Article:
France alleged Wednesday that on June 10, the French frigate “Courbet” was subject to hostile maneuvers by Turkish naval ships off the coast of Libya.
In a move that French Defence Minister Florence Parly described as “very serious,” Turkish warships targeted the “Courbet” after it requested to search the Turkish cargo ship “Circkin,” believed to be carrying illegal weapons.
France claims three Turkish naval ships were escorting the “Circkin.” In response to French requests to check the ship’s cargo, the Turkish ships engaged their naval targeting radar three times, a move Minister Parly described as “extremely aggressive.”
The French “Courbet’s” NATO mandate does not include the pursuit of ships and it was forced to abandon attempts to check the cargo of the Turkish “Circkin,” reported French daily Le Figaro.
“This is an extremely aggressive act that is unacceptable by an ally against a NATO ship,” the French Defence Ministry stressed on June 17. “We consider this an extremely grave matter… (and) we cannot accept that an ally behaves this way, that it does this against a NATO ship, under NATO command, carrying out a NATO mission.”
France is present off the coast of Libya as part of its engagement with NATO’s Sea Guardian operation. NATO describes Sea Guardian as a maritime security operation “aimed at working with Mediterranean stakeholders to maintain maritime situational awareness, deter and counter-terrorism and enhance capacity building.”
Turkey has rejected France’s allegations, with a senior Turkish military official stating that the French frigate failed to establish communications with the Turkish ships during the incident and reiterating that “Turkey is fulfilling its obligations as an ally today as always.”
“If one takes into account that the French warship was refueled by our side before the alleged incident, it is clear how inappropriate and intentional the allegation is,” they said.
NATO has since announced it will launch an investigation into the matter. On June 18, NATO Secretary-General Jans Stoltenberg explained the investigation aims “to bring full clarity into what happened.”
The incident comes in a time of tension between Ankara and Paris, whose relationship has deteriorated since 2016 over issues regarding refugees and human trafficking, as well as arrests of French journalists.
France and Turkey’s rising tensions
Tensions have run high between Turkey and its EU NATO partners for months as President Recep Tayyip Erdogan has embraced a more aggressive strategic posture.
In October 2019, Turkish-backed militants launched an offensive to secure a 30 kilometer “safe zone” along the border for Syrian refugees in Turkey to return. The offensive led to the death and displacement of thousands of Syrian Kurds, a key ally of NATO in the fight against Islamic State.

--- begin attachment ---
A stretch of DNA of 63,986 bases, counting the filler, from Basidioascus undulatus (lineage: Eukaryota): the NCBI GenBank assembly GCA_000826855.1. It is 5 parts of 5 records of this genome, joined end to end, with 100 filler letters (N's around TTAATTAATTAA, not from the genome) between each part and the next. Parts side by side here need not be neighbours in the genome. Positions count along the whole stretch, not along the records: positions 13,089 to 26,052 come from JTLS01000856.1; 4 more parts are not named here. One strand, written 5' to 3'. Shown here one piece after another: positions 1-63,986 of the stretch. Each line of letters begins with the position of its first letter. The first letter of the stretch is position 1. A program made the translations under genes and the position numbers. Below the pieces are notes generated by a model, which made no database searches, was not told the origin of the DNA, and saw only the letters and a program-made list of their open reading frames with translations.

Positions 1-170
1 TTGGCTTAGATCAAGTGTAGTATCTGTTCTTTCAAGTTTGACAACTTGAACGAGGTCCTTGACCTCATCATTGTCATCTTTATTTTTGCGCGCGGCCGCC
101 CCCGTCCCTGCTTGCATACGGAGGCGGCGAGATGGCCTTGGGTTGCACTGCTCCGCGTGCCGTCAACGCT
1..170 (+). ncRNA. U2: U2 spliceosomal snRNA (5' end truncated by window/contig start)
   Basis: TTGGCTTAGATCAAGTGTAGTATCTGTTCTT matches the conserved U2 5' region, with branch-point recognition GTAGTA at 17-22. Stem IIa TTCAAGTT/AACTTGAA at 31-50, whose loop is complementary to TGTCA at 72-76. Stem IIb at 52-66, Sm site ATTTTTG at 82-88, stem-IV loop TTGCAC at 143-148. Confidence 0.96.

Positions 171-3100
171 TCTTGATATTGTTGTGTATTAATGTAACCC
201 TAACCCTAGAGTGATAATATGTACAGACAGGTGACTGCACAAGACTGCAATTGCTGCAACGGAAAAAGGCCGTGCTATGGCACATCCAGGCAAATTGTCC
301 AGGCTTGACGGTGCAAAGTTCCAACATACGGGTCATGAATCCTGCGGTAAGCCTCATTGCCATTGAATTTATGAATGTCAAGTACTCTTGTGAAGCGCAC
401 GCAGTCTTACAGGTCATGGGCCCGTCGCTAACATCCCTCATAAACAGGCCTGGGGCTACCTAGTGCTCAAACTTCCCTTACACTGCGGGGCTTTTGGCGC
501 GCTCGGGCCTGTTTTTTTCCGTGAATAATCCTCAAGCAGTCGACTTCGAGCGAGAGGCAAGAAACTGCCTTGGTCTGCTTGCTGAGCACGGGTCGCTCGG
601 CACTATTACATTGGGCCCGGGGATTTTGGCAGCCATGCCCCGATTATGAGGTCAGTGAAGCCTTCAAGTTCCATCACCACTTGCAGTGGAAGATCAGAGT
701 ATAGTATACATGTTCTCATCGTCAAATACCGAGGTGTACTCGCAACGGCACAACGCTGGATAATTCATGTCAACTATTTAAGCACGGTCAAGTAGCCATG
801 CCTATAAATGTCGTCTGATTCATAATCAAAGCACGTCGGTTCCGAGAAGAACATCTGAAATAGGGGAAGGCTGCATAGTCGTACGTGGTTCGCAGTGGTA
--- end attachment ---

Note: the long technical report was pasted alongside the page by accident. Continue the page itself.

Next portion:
Within the Mediterranean, France has previously accused Turkey of using the NATO flag on its warships outside of official operations, including to escort cargo. The use of NATO insignia outside of operations is forbidden.
Paris has also escalated its opposition towards Turkish interventions in Libya, angering the Turkish regime. Tensions between Turkey and France over the conflict in Libya are driven by their support for rival leadership groups.
Turkey, with Qatar and Italy, supports the UN-recognized Government of National Accord (GNA) whilst France, along with Russia, Jordan, and the United Arab Emirates (UAE), supports the rival forces led by Khalifa Hifter.
Turkey is facing criticism due to its involvement in transporting weapons and mercenaries to fight in the ranks of the Saraj government. France has slammed Turkey’s supply of arms to the GNA and hostile actions in the Mediterranean as undermining NATO’s work and attempts to negotiate and uphold a ceasefire.
BBC issued an investigation revealing further proof that a Turkish ship delivered weapons to the Libyan Government of National Accord fighting within the capital, Tripoli. This move violates international resolutions and undermines the agreement from January’s Libya peace summit in Berlin, in which countries pledge to better enforce the arms embargo. Many parties allege Turkish military intervention has further fueled the already critical Libyan conflict.
Ankara continues to violate all international conventions and the Libyan arms embargo, France claims. The European country says Turkey was exporting heavy weapons across the Mediterranean to Tripoli. This exposed it to the direct clash with the EU’s Irini operation, set to monitor the commitment of the various parties to the UN arms embargo.
NATO members are divided over how to approach Turkey’s operations in Libya, with some member states believing that Turkey’s engagement will lessen Russia’s influence. Paris has been firm in its message to fellow members that “more Turkey does not mean less Russia.”
Meanwhile, France is accused of being one of the many Arab and Western countries supporting the opposing Libyan National Army, led by Field Marshal Khalifa Haftar.
France denies supporting Haftar, but Turkish state media claims France has previously given him aid to fight Islamist militants. France did not publicly criticize the countries that support Haftar, the outlet claims, although France continues to criticize Turkey’s position.